By Joseph Lekarczyk
In the interest of full disclosure, let it be known that the author of this article is married to the Mayor
It was a big agenda Monday night at the Board of Trustees (BOT) meeting. Chock-a-block full of the usual stuff: work shopping about creating urban renewal districts, a report by Sgt. Nick Goldberger, approving liquor licenses, leasing town land, adopting late fees on utility bills, imposing limits on marijuana grows, approving equipment purchases for Public Works, approving the consent agenda, giving Trustee and Staff reports, etc. The real interesting item came after an executive session concluded and everyone had gone home. By everyone I mean Manny
Vasquez, who left within seconds of his family’s land lease approval (about 7:43 p.m.), local landlord Mike Whipp, and developer Bill Gray, who both admitted they “had nothing better to do anyway.” Those guys gotta get a life!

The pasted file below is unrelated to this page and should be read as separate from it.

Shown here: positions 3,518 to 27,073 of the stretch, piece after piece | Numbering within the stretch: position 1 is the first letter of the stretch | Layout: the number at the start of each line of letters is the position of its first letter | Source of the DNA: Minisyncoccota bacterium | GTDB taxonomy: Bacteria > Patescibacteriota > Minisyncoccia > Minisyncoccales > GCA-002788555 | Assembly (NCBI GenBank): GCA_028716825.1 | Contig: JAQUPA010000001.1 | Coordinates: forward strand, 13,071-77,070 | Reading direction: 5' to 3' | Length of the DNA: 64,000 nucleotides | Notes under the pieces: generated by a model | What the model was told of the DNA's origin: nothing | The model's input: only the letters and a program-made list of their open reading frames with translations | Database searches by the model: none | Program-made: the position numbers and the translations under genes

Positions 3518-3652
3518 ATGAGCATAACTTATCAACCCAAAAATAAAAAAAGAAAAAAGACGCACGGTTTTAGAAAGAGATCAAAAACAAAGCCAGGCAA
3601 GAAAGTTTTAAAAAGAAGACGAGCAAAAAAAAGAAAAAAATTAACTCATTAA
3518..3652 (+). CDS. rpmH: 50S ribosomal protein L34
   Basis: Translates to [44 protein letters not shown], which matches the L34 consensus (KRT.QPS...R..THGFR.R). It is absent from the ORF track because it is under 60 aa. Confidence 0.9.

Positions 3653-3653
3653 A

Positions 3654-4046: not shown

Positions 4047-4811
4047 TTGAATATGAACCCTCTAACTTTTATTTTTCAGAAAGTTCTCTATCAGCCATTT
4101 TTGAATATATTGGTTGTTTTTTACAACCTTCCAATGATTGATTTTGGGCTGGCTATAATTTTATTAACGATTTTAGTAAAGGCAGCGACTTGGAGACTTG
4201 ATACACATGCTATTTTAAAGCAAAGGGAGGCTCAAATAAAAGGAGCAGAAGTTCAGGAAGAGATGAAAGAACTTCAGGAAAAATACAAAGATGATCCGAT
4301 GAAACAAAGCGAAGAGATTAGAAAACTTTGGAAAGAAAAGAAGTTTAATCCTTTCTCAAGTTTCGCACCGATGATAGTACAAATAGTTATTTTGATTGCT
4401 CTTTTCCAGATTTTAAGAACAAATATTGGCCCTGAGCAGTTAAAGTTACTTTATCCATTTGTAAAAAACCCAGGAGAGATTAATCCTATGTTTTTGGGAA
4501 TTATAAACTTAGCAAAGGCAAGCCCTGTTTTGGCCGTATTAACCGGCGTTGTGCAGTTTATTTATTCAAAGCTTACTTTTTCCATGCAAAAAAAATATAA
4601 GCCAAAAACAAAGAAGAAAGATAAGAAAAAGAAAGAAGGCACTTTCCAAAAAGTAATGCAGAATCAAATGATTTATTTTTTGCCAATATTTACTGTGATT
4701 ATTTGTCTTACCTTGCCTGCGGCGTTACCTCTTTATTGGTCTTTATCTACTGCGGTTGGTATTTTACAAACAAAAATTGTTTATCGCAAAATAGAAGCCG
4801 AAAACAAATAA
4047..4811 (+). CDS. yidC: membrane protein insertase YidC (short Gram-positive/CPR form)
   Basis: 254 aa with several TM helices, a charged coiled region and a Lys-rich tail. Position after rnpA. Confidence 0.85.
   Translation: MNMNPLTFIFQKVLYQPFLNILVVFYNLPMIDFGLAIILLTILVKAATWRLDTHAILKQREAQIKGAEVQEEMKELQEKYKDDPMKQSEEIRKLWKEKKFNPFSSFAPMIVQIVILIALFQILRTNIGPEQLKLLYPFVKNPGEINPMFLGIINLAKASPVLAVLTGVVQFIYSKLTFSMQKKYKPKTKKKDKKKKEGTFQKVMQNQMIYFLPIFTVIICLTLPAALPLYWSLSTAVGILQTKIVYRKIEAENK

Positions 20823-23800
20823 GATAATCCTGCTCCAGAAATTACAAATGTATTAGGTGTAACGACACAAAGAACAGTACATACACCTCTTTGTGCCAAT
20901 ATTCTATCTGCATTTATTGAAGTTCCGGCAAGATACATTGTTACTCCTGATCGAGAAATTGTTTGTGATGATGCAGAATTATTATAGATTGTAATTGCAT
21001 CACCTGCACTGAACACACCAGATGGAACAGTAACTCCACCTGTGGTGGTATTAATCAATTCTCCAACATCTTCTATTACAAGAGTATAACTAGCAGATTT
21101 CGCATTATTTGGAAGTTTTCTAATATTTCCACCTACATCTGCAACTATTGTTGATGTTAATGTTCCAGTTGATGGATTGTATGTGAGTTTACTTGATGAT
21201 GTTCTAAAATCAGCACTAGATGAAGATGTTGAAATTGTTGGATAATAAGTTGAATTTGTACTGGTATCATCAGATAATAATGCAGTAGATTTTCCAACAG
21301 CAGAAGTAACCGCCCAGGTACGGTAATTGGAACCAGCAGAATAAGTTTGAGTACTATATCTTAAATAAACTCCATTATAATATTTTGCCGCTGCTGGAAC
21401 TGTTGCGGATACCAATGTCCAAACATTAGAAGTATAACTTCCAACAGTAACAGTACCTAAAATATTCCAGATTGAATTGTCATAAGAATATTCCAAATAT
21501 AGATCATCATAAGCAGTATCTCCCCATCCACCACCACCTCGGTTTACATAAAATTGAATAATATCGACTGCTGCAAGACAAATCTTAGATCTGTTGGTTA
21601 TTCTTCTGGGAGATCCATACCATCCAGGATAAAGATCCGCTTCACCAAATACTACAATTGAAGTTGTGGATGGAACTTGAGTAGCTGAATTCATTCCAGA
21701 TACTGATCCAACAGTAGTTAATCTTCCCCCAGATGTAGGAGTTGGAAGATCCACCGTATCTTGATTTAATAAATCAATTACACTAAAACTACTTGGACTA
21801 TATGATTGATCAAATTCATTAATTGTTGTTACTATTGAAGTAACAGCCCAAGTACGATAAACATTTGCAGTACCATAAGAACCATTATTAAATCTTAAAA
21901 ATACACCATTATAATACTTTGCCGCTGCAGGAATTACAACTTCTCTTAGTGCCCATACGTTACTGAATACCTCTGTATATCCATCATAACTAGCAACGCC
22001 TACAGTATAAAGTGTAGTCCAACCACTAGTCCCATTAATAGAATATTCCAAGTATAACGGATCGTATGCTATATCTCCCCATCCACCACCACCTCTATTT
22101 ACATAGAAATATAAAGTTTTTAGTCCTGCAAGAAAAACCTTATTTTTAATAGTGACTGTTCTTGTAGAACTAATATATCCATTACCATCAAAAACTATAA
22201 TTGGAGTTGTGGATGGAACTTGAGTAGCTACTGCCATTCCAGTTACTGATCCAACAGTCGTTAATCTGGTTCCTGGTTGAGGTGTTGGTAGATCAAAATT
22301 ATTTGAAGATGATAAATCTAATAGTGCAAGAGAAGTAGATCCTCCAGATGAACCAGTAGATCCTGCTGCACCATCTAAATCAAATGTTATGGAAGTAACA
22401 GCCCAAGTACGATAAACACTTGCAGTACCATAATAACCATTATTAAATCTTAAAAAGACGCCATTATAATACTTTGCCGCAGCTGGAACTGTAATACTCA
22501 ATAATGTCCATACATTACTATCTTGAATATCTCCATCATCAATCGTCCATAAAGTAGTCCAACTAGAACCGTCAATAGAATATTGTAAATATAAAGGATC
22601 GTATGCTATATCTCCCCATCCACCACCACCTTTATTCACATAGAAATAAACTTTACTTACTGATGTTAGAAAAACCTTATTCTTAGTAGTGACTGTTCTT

After conferring with Town Attorney Tim Cox, the Board decided to proceed with plans to pay off the mortgage on Town owned property (the Post Office Building) and use the annual lease income to complete a backlog of capital improvement projects (street repairs). The gist of the plan is this: the Town owns the Post Office Building and leases it to the Postal Service. The mortgage is scheduled to be paid off sometime in 2015. By taking money (a little less than $200,000) out of a surplus in the Town’s General Fund, to pay off the mortgage early, the Town would realize approximately a $20,000 savings in interest payments over the next two years. At the same time, the Town would then allocate the generated leasing revenues from the Postal Service (approximately $98,000 annually), which would have otherwise gone toward the debt service of the mortgage, toward the completion of the many scheduled capital improvement projects around town. The Board and Staff felt that this was one of those “win-win” situations, and needed to be acted on.